how far distance from final to touchdown during visual approach?
- Warbird PilotLv 71 decade agoFavorite Answer
Final ends at touchdown, what's the question.
- Dan BLv 71 decade ago
The final approach leg is 2 to 3 miles depending upon glide slope angle. 2 miles for a 5 deg, 3 miles for a 3 deg. I'm presuming you are asking about the length of the final approach leg on a standard box pattern where the final begins 800 ft AGL.
The other answers are good to excellent, but they deal with the rules and regulations and visual sight distances required to meet those rules and regulations and restrictions.
- TechwingLv 71 decade ago
A pilot must have the airport in sight in order to begin a visual approach. A visual approach clearance is issued only to IFR flights. ATC will issue the clearance when the pilot confirms that he has the airport in sight. There isn't any maximum or minimum distance for this; the only requirement is that the pilot have visual contact with the airport.
Visual approach clearances are not issued to VFR flights, because VFR flights must always have visual contact with the airport in order to land. For VFR flights, VFR minimums apply.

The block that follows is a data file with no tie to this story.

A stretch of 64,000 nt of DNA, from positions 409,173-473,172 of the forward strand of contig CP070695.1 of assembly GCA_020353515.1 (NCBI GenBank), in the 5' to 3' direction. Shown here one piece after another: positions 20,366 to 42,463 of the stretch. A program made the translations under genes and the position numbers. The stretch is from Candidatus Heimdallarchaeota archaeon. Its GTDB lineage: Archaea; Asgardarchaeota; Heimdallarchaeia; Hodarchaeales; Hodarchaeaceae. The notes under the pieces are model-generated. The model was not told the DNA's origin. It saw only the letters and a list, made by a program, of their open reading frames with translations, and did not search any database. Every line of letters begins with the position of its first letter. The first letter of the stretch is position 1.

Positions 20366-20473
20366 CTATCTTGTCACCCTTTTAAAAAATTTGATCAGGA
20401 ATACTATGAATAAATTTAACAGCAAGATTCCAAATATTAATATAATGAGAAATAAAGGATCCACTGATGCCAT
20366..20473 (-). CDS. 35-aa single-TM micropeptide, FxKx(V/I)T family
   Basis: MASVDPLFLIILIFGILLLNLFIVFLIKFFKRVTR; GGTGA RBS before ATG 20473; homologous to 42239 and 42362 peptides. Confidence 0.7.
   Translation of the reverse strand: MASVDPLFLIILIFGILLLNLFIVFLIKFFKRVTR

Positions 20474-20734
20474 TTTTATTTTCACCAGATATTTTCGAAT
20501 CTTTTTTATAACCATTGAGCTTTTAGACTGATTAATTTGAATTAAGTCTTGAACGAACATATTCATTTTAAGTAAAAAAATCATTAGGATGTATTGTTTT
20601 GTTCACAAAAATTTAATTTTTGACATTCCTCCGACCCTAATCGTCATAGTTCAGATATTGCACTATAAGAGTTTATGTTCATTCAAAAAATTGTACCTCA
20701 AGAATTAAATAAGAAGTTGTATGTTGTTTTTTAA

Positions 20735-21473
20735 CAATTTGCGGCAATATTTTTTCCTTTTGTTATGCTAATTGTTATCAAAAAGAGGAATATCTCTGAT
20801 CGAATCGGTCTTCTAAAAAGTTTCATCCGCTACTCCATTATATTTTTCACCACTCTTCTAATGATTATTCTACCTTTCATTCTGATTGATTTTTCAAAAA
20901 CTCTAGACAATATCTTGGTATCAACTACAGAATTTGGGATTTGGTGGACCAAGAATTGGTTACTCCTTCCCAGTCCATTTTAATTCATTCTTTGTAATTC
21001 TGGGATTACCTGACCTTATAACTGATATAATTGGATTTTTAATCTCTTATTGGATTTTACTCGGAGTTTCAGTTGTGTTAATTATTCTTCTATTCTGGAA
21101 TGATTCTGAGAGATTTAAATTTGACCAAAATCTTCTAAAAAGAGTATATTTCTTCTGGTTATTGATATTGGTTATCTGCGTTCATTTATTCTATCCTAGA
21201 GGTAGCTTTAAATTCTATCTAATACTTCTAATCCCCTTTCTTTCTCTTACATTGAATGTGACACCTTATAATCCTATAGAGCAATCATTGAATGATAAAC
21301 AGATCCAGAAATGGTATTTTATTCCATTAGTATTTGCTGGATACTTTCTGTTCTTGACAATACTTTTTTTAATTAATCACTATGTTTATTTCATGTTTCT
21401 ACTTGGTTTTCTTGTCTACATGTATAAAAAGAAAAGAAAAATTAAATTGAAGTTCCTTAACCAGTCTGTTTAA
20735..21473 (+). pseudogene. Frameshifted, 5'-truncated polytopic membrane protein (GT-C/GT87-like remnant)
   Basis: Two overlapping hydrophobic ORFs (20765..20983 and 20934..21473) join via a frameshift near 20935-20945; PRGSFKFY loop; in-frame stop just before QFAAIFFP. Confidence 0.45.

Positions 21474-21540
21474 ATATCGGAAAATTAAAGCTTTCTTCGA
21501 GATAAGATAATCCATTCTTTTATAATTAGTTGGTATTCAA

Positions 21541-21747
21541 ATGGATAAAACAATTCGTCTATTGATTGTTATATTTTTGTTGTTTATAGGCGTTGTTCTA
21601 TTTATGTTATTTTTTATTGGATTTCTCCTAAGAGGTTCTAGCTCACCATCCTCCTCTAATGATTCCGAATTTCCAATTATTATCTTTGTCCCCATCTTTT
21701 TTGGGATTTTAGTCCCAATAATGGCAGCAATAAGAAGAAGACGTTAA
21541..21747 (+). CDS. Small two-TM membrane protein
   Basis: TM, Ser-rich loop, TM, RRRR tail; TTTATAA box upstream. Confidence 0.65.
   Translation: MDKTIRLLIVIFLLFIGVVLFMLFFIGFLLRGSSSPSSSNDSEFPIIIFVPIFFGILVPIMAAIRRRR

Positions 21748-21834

ATC may vector for a visual approach if the ceiling at the destination airport is at least 500 feet above the MVA with visibility of at least 3 statute miles. A clearance may be issued when the ceiling is expected to be at least 1000 feet AGL at the field, again with 3 statute miles of visibility.
- 1 decade ago
Final approach can be anywhere from 1000 feet to 10 miles long depending on the type of flying you're doing (pattern work, cross country, etc).
VFR pattern work can be done with as little as 1statute mile visibility at Class G airports as long as you stay within 1/2 mile of the runway and keep it in sight at all times. Under normal conditions, yes, 3sm is the minimum. You can fly VFR in 1statute mile visibility in the above conditions and with a special VFR clearance.Source(s): Commercial Pilot
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- Rob GLv 61 decade ago
That depends on how long your final approach is. It can be as short as maybe 1/2 mile to tens of miles long. It's not uncommon for airline pilots to have 20 mile finals.
- Anonymous1 decade ago
That depends... a visual approach can be done with 1 mile of visibility,
VFR needs three miles in some airspace but....
If you're in class B airspace you need one mile and clear of clouds, if you're flying SVFR you can request a visual approach with one mile of visibility.
You can also do pattern work with 1 mile of visibility.
- 1 decade ago
VFR needs at least 3 miles. Other answerer is wrong.